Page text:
Phone simulators are great for helping development move quickly, but they are only simulators. Testing on a real physical device should be part of your workflow.
On my desk, I have a large selection of different Android and iPhone models covering a range of screen sizes and OS versions. I can quickly test out the new functionality on each one.
Of course, running a regression test on all of these every week would be time-consuming and wasteful–the developers have automated tests running, so there is high confidence in the app.
Nevertheless, occasional errors can creep in, so we need to test OS upgrades to see if they cause problems. I may also get new ideas about what to test after gaining a deeper understanding of a particular app or testing other apps. Having a more in-depth test session allows me to test out all of these ideas to see if there are any issues.
To cover all the possibilities, my approach is to alternate the phones on which I do in-depth testing. The cycle might look something like this:
- Week 1: Run in-depth tests on iPhone6+ and Android Pixel
- Week 2: Run in-depth tests on iPhoneSE and Nexus 5
- Week 3: Run in-depth tests on Galaxy S5 and Note 5 as an Android OS update came out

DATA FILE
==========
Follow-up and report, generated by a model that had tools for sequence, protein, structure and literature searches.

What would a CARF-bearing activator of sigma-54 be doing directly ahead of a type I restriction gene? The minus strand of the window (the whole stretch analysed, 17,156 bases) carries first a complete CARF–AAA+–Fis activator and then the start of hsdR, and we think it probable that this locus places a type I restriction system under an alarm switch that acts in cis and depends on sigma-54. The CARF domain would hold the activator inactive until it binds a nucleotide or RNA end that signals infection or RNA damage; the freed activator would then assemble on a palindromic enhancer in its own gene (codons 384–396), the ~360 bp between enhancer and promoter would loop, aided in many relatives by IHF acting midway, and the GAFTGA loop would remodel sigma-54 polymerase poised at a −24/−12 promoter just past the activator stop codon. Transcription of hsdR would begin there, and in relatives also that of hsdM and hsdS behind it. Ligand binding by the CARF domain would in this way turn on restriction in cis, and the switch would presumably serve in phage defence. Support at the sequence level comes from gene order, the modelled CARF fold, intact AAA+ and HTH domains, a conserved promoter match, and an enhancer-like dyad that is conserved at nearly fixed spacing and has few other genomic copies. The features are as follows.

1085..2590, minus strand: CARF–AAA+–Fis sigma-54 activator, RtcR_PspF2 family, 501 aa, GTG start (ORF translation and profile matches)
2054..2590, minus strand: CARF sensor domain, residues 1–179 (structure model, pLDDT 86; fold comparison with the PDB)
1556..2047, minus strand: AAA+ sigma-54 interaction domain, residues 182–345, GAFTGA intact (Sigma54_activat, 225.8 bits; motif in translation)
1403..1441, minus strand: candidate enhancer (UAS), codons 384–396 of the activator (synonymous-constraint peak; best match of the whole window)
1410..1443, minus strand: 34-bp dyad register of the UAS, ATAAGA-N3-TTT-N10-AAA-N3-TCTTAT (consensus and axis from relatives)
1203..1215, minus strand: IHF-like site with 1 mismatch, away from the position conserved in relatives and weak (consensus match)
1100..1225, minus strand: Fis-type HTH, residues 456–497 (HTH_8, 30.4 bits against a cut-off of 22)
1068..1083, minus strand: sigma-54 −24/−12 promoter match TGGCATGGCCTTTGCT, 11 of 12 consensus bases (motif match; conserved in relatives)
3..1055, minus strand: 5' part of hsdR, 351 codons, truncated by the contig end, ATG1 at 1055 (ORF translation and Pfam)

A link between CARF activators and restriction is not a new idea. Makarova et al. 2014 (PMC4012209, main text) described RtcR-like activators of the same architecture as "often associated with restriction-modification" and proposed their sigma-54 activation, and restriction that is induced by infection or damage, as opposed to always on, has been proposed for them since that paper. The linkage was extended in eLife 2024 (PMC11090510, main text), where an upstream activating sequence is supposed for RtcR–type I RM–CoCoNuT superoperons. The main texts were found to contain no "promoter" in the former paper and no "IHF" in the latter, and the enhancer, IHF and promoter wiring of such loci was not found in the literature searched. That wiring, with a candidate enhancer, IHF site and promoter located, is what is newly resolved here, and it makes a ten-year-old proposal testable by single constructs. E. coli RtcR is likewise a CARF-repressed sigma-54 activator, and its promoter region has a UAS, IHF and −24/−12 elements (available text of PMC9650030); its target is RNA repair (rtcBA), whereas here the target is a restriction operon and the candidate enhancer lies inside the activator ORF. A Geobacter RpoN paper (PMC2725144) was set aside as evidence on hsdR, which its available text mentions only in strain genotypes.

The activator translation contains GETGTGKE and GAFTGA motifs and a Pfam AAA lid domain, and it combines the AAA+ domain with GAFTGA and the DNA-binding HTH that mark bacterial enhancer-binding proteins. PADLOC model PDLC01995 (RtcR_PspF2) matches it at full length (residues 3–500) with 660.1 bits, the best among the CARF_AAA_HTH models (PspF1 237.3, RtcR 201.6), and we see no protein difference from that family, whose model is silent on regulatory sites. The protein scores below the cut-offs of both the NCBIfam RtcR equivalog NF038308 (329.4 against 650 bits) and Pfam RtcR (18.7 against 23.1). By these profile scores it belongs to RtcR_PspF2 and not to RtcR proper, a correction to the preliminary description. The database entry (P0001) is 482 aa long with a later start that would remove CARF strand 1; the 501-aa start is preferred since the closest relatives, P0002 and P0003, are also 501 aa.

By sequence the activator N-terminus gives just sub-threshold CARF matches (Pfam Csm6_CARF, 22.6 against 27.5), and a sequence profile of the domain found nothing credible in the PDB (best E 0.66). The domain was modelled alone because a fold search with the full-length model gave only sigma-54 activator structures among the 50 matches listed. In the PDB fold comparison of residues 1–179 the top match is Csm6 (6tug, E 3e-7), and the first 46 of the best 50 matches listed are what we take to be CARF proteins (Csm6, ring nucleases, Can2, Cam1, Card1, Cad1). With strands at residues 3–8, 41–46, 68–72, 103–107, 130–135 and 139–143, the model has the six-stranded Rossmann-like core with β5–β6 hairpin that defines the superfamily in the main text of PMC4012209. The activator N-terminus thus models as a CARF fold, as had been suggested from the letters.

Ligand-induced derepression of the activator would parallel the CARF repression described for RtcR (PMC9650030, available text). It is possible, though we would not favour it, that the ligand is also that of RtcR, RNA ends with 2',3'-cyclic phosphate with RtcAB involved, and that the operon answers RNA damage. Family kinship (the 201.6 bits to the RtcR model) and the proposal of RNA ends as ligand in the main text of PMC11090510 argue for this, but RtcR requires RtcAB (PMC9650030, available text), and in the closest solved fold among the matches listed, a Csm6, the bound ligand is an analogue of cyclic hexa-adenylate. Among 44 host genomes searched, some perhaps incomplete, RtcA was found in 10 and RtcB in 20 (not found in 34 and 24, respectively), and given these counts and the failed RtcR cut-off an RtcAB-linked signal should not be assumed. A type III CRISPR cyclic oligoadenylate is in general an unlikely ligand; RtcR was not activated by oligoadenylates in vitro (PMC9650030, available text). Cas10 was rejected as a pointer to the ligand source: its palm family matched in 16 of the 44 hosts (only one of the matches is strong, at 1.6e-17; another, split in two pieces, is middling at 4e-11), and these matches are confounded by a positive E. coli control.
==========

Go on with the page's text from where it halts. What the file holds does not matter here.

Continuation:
- Week 4: Run in-depth tests on iPhoneX and Galaxy J5
This approach is also useful for testing the app’s ability to switch accounts. Eventually, users get new phones and move their apps (and accounts and data) onto these devices. By using different phones every week, we can test out this functionality.
What is your strategy for dealing with all the variety and combinations of phones? Let me know in the comments.
Looking for more ways to test? Read some of the other posts in this series:
- 9 Situations to Test the Strength of Your Mobile App
- Learning from Fairy Tales
- Bugs Don’t Take Vacations
- Adding Software Tools to My Toolbelt
- Travel Bugs
- Testing Error Conditions
- Using Tea/Coffee Breaks in your Mobile Testing
- Alternating Phone Models Per Test Cycle
- Peripherals? I’d Forgotten about Those…
- A Tester’s Consistency Checklist
- “Alarming” Problems You Should be Preventing
- Quick Tests for Your Web App
- Testing for App Consistency
- Is it a Good Story?
- Quick Attacks on CRUD Apps
- Lights, Camera, Action, Bugs!
- Follow the Data